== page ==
“Have to get something into your stomach Mrs. Diya  Bagchi – the second half was going to be long and included an IT meeting!” Diya told herself as she walked down to the cafeteria to pick up a chicken salad. 

Coming back to her desk, she finally had an opportunity to pick up her phone – eighteen WhatsApp messages!

Maneuvering the car carefully, Diya got out of the subdivision. The Interstate was a five minute drive. She glanced at the clock on the dashboard and carefully pressed down on the accelerator. Parking the car in the parking lot, Diya looked at her watch again. No, she was not late! Gathering her laptop and purse from the back of the car, and buttoning up the coat, Diya started walking towards the main door.

The first ones were from her college batch-mates group – mostly inane ‘Welcome Spring’ messages, she hated those almost as much as the ”Good morning” messages – ‘who has the time to send such messages everyday that I bet no one reads!’ Next were from the group of her school friends – similar bunch of messages heralding the start of spring. Diya never had the time to read all the group messages or listen to all the forwarded videos – a quick glance was all she could afford, and then pick up on any special message about a birthday or an anniversary. She did the same now, telling herself that she would have to find time and clean up all the ‘garbage’ this weekend. 

The next message was from Brishti – “How are you folks? Will call over the weekend.” 

Diya felt a little guilty. Brishti was her first cousin. She lived in Dubai with her husband. They did not have any children and Brishti loved Mohu as her own daughter – she called at least once or twice every month to talk to Mohu and Diya. Each time Diya would hang up with Brishti, she would make a mental note ‘I’ll call her up the next time…I must call next time…it cannot be Brishti all the time.’  But as every weekend rolled around, Diya would be so involved with Mohu’s activities along with all the other household chores, that she never got around to calling Brishti up.                                                                                      

cooking with Indian spices
She always heard about the benefits of Indian spices

Diya’s neighbor Kristie always told her to order pizza on weekdays, but Diya just couldn’t. She would remember all the advice she regularly got from India about the benefits of avoiding junk food in favor of home cooked food, about the herbal benefits of Indian spices and about how her mother would tirelessly cook for the family when she was growing up. No, Diya could not escape from cooking, and depriving Mohu and Rish, just because she worked at a full time job. So, between Rish and herself, the weekends were a non-stop string of chores – from getting to the grocery store to picking up the laundry, cooking for the week and taking Mohu to her activities. By the time everything was done, it was 8:00 pm on Sunday and time to prepare for the next Monday!

“I wish I had some domestic help, like back home in India!” Diya sighed to herself, but quickly recovered before actually regretting her lot – “This is, as per The Gita, my Karmabhumi and I am happy to continue my karma without any domestic help!”

With a smile on her face she opened the next message. This one was from Rish. – “Remember the Chaitra breeze blowing at twilight on the bank of Ganges…?” WHAT?! Diya nearly jumped out of her chair – “Is today the 6th day of the month of Chaitra per the Indian calendar?” She quickly checked the online calendar – “yes, it is!” This special day this year coincided with the first day of spring. Once again, she had forgotten but Rish had remembered!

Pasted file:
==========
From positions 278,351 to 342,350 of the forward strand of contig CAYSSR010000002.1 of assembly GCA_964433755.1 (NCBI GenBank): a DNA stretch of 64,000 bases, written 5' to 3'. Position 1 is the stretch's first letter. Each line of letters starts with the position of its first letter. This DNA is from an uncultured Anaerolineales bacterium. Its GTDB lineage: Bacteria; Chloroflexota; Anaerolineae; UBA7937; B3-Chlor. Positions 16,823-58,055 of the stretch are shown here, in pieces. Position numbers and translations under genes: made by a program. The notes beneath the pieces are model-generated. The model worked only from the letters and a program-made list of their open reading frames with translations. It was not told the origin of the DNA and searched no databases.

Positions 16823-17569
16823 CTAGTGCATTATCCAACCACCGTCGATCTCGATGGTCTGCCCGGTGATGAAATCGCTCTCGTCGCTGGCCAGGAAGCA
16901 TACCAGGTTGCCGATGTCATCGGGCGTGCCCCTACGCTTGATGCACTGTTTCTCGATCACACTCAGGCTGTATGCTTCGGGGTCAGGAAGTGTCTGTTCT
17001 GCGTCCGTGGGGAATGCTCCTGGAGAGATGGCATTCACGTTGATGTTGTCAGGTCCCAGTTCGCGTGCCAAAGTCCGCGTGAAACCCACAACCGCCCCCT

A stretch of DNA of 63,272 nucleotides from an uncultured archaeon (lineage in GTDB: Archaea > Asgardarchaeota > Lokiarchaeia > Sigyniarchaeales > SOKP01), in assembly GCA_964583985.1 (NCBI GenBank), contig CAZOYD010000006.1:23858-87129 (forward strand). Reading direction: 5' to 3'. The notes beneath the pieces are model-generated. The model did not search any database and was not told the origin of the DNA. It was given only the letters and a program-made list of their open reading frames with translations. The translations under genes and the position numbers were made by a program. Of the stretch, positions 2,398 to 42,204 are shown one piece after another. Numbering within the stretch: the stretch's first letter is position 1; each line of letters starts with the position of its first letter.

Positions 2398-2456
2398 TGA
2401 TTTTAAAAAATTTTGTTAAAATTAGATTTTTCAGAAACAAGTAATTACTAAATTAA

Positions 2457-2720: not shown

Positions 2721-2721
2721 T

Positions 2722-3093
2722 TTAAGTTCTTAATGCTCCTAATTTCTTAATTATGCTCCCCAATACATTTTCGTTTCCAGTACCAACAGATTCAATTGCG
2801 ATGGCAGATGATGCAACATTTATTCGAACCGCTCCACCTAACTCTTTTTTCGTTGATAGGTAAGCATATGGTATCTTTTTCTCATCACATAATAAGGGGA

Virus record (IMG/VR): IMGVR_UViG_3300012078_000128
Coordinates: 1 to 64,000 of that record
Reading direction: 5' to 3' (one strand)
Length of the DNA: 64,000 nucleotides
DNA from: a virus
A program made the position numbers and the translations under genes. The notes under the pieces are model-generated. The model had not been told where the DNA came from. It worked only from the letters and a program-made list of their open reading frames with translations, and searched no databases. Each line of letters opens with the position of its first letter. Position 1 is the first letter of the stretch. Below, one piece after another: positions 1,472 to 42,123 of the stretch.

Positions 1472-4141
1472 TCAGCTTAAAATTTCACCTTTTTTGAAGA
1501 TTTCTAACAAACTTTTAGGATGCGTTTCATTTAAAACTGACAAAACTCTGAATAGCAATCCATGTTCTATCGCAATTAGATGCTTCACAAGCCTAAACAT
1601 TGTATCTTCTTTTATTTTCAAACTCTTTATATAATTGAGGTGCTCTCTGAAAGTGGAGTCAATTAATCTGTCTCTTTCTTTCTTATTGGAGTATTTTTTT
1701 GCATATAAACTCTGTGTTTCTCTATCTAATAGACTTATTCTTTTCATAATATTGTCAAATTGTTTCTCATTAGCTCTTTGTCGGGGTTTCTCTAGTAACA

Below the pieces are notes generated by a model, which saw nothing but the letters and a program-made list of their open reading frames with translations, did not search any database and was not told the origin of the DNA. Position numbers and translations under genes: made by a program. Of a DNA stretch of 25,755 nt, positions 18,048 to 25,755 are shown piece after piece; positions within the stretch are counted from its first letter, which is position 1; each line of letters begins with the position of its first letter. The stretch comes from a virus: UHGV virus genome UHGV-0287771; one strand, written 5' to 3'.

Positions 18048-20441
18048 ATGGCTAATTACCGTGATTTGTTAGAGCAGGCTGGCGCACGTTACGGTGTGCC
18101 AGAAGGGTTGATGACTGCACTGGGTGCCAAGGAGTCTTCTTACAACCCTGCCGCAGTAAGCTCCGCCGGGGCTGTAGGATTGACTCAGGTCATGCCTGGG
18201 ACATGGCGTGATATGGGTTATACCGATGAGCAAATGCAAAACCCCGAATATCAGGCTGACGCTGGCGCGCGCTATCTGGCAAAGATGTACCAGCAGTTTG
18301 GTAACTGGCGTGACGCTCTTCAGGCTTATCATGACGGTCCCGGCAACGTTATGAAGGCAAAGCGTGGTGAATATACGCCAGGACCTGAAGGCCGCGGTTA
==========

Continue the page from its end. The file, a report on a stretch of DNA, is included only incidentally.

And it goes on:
first day of spring
This special day this year coincided with the first day of spring

God knows why Rish follows the Indian calendar for this particular day…how on earth can anyone possibly track the Indian calendar in this country? “Unless you are a priest at the local Hindu temple…”

Rish always said we should never force ourselves to adopt the easy way. We follow the English calendar for our birthdays and wedding anniversaries and everything else – but this one day must be different. This day is special – as this was the day Rish had met Diya for the first time at the start of the beautiful spring season in India. Hence his insistence to celebrate this special day according to the Indian calendar.  

Diya had gotten absentminded for a second. It seemed almost yesterday, yet it was so long ago! So many springs had passed since that particular day. Almost everything had changed since then – their country, their food, their culture…she herself had also changed overtime. But still…somehow…somewhere that saree-clad, long braided, Diya Sen was still quietly dwelling within the step-cut haired, “westernized” Diya Bagchi. Half-hidden, but she is surely there.

Diya sighed again. No time to stop for a second and look back.

‘Can we go out for dinner tonight?…Probably not, this is Mohu’s exam-week. She also has a SAT Prep-test this weekend. Besides, Rish might also be late tonight since he had a team visiting from their European office.’ Diya looked at her watch – five minutes to the next meeting.

Quickly sending off a ‘thank you’ and a smiley face to Rish, Diya gathered her files and walked towards the conference room. 

This day is special – as this was the day Rish had met Diya for the first time at the start of the beautiful spring season in India. Hence his insistence to celebrate this special day according to the Indian calendar.

It was exactly ten past five when Diya finally started walking towards her car, after having wrapped up everything and taking the laptop in case something urgent came up in the evening.

Mohu had to be picked up by 6:00 PM so the third marathon of the day starts now! 

Thank God, the traffic was not that bad today – it did not take much time to commute from Diya’s office to Mohu’s school and from Mohu’s school to home. 

Dave had cleaned the driveway in the meantime – not a bit of ice to be found.

Diya parked her car, collected the mail from the mailbox and walked into the house with Mohu.